Zacchaeus had just confessed his way of life to the Lord in the previous verse. ‘I give’, ‘I restore’ – show his way of life. Indeed his very name means pure.

However, the Lord Jesus said that ‘salvation’ – in the Person of the Lord Himself, was ‘come’ to Zacchaeus’ household since he was a son of Abraham. Nevertheless the sons of Abraham were ‘lost’ too. See verse10.

Connecting these references, we could say that the Kingdom of God and Salvation is in the Person of the Lord Jesus Christ. Further, in chapter 19 verse 11 we read that some expected the Kingdom of God to appear immediately and in order to correct this view, the Lord speaks a parable. In other words, the Lord intends to teach that the Kingdom of God will not appear immediately, this also means that the Lord Jesus Himself will not appear immediately. Indeed He is as a ‘certain nobleman’ now gone away into a far country…and to return. This will take its own time and the Lord will appear in His own time. When, it is not indicated. But return He most surely will. It becomes us to be waiting and expecting Him ‘any moment’.

Accepting the Kingdom of God is equal to accepting Salvation which is equal to accepting the Lord Jesus Christ Himself.

Salvation is a present reality, but the manifestation of the kingdom is yet in the future. The inward reality and power of the Kingdom of God is present even now, not yet its outward display of Glory and power. This will only be when the King Himself return and that for the Jews, bringing them salvation.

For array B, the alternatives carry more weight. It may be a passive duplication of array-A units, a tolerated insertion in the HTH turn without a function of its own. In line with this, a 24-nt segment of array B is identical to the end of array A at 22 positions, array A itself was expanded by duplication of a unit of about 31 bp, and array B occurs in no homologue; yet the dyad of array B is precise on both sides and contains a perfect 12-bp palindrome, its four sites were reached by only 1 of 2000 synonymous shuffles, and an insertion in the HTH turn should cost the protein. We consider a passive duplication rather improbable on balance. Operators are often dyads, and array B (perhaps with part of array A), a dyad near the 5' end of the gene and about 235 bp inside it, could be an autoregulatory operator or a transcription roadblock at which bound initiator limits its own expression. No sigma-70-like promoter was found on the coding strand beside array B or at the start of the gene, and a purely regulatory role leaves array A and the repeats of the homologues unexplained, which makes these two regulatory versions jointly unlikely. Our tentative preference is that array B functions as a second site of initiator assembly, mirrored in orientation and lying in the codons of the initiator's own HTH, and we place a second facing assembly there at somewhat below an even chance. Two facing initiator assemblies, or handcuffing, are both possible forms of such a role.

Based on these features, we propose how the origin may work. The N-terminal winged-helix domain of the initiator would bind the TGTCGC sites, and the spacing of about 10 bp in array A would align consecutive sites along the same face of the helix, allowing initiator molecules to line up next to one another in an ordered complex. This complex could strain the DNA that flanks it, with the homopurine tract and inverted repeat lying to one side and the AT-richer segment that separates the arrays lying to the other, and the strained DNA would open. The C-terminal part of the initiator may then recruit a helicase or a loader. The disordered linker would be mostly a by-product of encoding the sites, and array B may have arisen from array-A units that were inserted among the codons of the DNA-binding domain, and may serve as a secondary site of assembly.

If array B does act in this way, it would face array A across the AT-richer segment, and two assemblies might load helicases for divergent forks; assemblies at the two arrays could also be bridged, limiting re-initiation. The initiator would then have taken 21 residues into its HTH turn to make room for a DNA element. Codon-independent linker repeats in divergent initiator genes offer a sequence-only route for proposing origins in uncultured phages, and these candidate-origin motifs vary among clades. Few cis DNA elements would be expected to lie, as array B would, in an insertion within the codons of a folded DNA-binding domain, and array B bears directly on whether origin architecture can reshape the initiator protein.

Chapter 21 verse 28 says, “…for your redemption draweth near.” Verse 31 says, “know that the kingdom of God is near at hand.”

Connecting these two verses, we could once again say when the ‘kingdom of God’ draws near, ‘redemption’ draws near. The Kingdom of God is equivalent to Redemption and both these in the Person of the Lord Jesus Christ.

Jesus Christ is the Lord our God

The Scriptures clearly claim and reveal the Lord Jesus Christ as the Jehovah of the Old Testament.

The Lord Jesus Christ who is the Word become flesh is the Jehovah of the Old Testament. The OT appearances or manifestations of God is none other than the appearances or manifestations of the second Person of the Trinity, the Lord Jesus Christ Himself. Therefore all Theophanies are actually Christophanies.

We prove this in the following ways.

Genesis 1.1 says, “In the beginning God created the heavens and the earth.”

Ref. Ps.96.5, Isa.42.5, 45.8,12,18 with Col.1.16, Jn.1.3, Eph.3.9, Heb.1.2,10 (Psa.45.6-7, 102,24-27)

Isaiah 6.1-5 The prophet Isaiah saw the LORD sitting upon a throne, high and lifted up, and his train filled the temple. The seraphim cried out, “Holy, holy, holy, is the LORD of hosts; the whole earth is full of his glory.” And Isaiah cries out, “Woe is me! For I am undone, because I am a man of unclean lips, and I dwell in the midst of a people of unclean lips; for mine eyes have seen the King, the LORD of hosts.”

Ref. Jn.12.41.

Isaiah 7.14 says, “Therefore the Lord himself shall give you a sign; Behold, the virgin shall conceive, and bear a son, and shall call his name Immanuel.”

Ref. Mat.1.23

Isaiah 8.13 says, “Sanctify the LORD of hosts himself, and let him be your fear, and let him be your dread.”

Ref. 1Pet.3.15 “Sanctify the Lord the Christ in your hearts…”